The Light of Reason
Edited by James Allen
Vol. VIII. January 1st, 1906 No. 1
The Light of Reason starts out upon its fifth year today; and it goes out with increased life and vigor; its subscribers list has more than doubled since this time last year, and we are adding nearly a thousand copies to our circulation.
During the past year several of our readers have sent us a number of names and addresses of their friends, ordering the Light of Reason to be forwarded to them, inclosing the cost of doing so. We have been pleased to fill these orders, and in this way the usefulness and circulation of the Magazine has been greatly extended. If any other of our readers wish to do the same we shall be pleased to address and forward any number, on receipt of their orders. Payment may be made by Crossed Cheque or Crossed Postal Order.
Mrs. Allen's Book, "The Bryngoleu Cookery Book" (A Humanitarian Household Guide) is well in course of preparation, and will be published shortly. The formation of the Brotherhood has rendered such a handy guide to diet necessary to the housewife who has joined the Order as Associate-Member or Member, or to one whose business it is to cook for someone in her household who has so joined the Order, as it will enable her to provide meals that are nourishing, yet simple, and in perfect harmony with the life of compassion and love towards all beings and creatures to which the Members have pledged themselves; and indeed, it was because so many requests were coming to us for such practical guidance that decided Mrs. Allen to set about the work without delay, and to embody in the book not only her simple and original recipes, but also her seven-and-half years' experience in such matters. She will also give information invaluable to the housewife, daughter, or sister, who wishes to improve the comfort of her home, to increase its sweetness, and make her table pure, bright and kindly. Mr. Allen will also furnish an article. The price of the Book will be 6d. net, or 7d. by post, and orders may be sent at once, which will be filled as soon as the book is out of the printer's hands.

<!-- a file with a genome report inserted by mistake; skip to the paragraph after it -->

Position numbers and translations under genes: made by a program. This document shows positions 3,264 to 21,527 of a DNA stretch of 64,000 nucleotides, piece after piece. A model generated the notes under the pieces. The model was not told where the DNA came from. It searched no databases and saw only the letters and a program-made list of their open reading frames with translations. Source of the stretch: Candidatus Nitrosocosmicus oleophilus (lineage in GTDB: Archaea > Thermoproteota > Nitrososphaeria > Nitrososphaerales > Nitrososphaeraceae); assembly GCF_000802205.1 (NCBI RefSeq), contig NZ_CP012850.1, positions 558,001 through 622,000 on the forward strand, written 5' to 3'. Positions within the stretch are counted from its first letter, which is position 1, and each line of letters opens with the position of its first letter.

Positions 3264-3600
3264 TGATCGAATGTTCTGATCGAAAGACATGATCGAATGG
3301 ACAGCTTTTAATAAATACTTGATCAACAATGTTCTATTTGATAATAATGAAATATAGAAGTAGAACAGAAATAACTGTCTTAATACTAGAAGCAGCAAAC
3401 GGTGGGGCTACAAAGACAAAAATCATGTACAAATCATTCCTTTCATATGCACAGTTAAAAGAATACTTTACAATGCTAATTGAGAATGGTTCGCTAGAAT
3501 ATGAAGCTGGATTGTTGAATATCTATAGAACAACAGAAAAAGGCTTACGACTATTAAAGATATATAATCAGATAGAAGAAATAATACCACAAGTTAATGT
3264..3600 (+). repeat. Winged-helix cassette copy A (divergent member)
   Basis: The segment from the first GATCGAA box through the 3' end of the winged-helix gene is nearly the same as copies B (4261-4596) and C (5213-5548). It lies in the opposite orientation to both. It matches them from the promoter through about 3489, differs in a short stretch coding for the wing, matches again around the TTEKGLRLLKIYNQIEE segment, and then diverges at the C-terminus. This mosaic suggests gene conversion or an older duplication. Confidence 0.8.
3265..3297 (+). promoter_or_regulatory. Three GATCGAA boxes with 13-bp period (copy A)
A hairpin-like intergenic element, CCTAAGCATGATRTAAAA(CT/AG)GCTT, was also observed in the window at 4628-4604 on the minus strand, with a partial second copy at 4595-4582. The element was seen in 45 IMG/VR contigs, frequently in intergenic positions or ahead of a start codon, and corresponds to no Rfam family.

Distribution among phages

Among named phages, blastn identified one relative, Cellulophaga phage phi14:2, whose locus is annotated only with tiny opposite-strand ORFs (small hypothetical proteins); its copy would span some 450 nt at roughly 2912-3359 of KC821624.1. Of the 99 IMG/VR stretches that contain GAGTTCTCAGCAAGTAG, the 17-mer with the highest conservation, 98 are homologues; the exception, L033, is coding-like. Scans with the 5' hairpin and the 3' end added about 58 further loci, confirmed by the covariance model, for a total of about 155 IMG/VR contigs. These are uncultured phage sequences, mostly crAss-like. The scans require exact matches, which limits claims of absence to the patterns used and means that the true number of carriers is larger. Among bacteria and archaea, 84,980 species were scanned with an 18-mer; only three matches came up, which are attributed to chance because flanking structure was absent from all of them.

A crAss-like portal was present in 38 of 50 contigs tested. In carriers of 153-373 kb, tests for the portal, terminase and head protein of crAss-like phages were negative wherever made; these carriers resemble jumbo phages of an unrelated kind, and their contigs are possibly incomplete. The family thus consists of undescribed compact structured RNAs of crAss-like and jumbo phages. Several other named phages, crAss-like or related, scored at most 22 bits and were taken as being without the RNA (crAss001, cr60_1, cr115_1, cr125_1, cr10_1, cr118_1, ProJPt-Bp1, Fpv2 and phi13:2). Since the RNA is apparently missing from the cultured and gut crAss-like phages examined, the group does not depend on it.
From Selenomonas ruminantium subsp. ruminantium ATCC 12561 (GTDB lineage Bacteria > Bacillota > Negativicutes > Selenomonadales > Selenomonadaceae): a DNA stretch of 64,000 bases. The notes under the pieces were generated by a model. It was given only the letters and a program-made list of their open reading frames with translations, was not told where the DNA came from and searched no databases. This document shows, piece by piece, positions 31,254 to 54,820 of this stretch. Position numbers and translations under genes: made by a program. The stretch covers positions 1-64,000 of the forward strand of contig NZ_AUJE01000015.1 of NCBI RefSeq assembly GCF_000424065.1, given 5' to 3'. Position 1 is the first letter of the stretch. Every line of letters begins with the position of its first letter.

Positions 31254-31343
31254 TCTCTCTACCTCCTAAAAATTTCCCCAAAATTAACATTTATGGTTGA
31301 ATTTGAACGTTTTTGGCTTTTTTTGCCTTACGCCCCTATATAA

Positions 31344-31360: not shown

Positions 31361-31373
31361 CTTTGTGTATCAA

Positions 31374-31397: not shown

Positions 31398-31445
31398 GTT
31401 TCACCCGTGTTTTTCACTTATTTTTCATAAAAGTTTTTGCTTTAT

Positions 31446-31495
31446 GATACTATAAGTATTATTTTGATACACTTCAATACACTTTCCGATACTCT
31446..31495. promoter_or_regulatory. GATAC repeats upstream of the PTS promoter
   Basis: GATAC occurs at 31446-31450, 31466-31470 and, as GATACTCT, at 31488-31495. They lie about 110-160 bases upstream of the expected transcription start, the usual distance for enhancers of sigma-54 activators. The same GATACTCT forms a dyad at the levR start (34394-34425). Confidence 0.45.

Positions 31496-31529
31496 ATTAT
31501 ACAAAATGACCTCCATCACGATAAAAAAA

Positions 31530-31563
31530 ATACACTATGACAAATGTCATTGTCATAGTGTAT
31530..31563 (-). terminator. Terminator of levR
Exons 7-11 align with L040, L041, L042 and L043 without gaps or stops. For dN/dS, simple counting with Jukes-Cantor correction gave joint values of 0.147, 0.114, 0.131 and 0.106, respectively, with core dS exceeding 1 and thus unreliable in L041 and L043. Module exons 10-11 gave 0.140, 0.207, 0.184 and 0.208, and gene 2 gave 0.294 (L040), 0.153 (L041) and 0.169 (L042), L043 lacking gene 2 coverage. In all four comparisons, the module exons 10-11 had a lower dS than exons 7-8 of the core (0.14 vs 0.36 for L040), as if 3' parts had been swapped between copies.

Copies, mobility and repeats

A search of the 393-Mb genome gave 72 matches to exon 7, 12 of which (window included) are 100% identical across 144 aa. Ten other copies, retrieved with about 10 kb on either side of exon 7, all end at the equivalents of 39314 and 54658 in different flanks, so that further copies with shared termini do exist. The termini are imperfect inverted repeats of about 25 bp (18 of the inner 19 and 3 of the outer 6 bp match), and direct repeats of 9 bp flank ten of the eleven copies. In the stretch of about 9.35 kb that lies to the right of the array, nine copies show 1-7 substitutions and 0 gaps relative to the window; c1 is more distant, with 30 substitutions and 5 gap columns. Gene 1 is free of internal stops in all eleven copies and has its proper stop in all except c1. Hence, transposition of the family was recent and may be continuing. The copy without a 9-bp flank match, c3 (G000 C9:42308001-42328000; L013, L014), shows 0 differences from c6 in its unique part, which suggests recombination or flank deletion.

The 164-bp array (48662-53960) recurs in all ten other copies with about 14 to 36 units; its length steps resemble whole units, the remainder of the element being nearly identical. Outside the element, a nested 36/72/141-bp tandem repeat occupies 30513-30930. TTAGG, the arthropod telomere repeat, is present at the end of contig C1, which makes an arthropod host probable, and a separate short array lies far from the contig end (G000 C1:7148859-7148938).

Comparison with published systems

Five thousand copies of the first edition will be printed, and we shall make every effort to get it widely sold and circulated. Nearly all the leading Natural Food specialists have taken advertisement space in its pages, so that the uninformed in such matters will easily see, by referring to the advertisements, where to obtain any adjunct necessary to their Cuisenaire. Altogether, the Book will be a condensed, yet complete guide to that pure and simple dietary which is in harmony with a gentle life.
We have just replenished our stock of the three penny "Treasuries of the Poets," the "Life and Light" Books, and Trine's "In tune with the Infinite." All these books are, in their get-up, artistic treasures, and in their contents, mines of inspiration to those seeking the best spiritual guidance and intellectual culture. Readers purchasing these books are continually sending to us expressions of delight concerning them.
It will be seen by our advertisement pages that we are now selling a new translation of Lao-Tze's "Tao-Teh-King." The compiler and commentator, Walter Gorn Old, M.R.A.S., having given it the title of "The Book of the Simple Way of Lao-Tze." It is a book of 186 pages, each chapter being followed by a commentary. Our readers can now have the wonderful book written by the ancient Chinese Teacher (and the only one written by him) when he was approaching one hundred years of age, and study his weighty yet simple words.
A special letter is sent by the Editor to all who are received into the Brotherhood, ratifying their Fellowship. Much interest is aroused in the Order, and many are joining. The Book of Discipline should be promptly returned by those who do not join the Order.
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More from James Allen
James Allen was a little-known philosophical writer and poet. He is best recognized for his book, As a Man Thinketh. Allen wrote about complex subjects such as faith, destiny, love, patience, and religion but had the unique ability of explaining these subjects clearly and in a way that is easy to understand. He often wrote about cause and effect, sowing and reaping, as well as overcoming sadness, sorrow, and grief. For more information on the life of James Allen, click here.